What are Run Flat Tyres?

Most premium and mid-range tyre brands have standard and run-flat versions of the different tyres they manufacture. As such, it is wise to check what is fitted to your vehicle before making a purchase.

Look for this icon when buying tyres to show which ones are run-flat tyres.

Run-flat tyres are specially designed to enable them to operate for a specified speed and distance in the absence of any inflation pressure.

Run-flat tyres most commonly achieve this through reinforced sidewalls, shown in yellow in this diagram.

Without any inflation pressure, a standard tyre collapses, making the vehicle undrivable.

Whereas the reinforced sidewalls of the run-flat tyre can support the vehicle's load, maintaining a drivable ride height at reduced speed and distance.

A typical run-flat tyre can be driven without any tyre pressure, known as 'flat tyre running mode', at 50 mph for 50 miles in the event of a puncture.

Certain run-flat tyres, known as extended mobility tyres (EMTs), provide run-flat capabilities over a shorter distance, which is generally 50 mph for 20 miles.

What are the Benefits of a Run Flat Tyre?

Run-flat tyres' distance and speed capabilities can vary slightly across tyre or vehicle manufacturers. As such, it is critical to refer to your vehicle handbook and the tyre's sidewall for specific Run-flat capabilities.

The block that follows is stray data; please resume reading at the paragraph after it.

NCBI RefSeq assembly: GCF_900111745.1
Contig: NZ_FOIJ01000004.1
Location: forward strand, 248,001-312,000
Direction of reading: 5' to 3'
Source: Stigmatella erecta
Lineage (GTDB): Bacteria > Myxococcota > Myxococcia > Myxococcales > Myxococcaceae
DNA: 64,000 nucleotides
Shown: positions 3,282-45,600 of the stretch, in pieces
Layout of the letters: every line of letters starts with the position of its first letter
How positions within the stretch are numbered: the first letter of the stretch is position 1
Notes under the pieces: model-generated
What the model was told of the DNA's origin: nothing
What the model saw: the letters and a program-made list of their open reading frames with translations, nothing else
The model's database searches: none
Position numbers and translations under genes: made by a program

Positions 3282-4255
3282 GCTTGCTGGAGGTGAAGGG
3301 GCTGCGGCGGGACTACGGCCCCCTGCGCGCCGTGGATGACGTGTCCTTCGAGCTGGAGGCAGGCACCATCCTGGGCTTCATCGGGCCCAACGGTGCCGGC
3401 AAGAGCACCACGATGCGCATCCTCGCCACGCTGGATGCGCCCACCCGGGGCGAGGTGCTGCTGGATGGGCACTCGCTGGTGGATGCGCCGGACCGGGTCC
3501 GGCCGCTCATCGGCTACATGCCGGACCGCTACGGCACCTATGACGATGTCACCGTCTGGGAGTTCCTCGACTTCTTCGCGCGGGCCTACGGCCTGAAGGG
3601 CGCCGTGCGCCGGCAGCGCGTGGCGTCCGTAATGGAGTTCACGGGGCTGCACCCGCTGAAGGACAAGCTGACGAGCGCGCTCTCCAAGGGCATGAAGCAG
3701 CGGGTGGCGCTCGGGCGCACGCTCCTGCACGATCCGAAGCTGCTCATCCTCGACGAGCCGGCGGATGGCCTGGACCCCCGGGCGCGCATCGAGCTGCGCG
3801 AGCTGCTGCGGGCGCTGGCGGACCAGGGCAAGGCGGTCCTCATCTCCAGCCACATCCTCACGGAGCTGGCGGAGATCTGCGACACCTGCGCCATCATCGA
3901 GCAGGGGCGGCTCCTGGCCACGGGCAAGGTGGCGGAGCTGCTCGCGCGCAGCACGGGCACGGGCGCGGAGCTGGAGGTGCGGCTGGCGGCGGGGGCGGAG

The purpose of run-flat tyre technology is to maintain mobility for the driver, enabling them to drive to a tyre repair centre, where the tyre can be repaired or replaced, according to the manufacturer's guidelines.

Having run-flat tyres fitted does not mean a tyre can be driven for multiple journeys, so long as the overall ditance capability is not exceeded. Acting this way would risk the driver's and other road users' safety.

Run-flat tyres differ across tyre brands, with different names, tyre marking to denote they are run-flat tyres and tyre repair criteria.

For more information about how to recognise run-flat tyres and which run-flat tyres can be repaired, visit our advice page; what are run-flat tyres?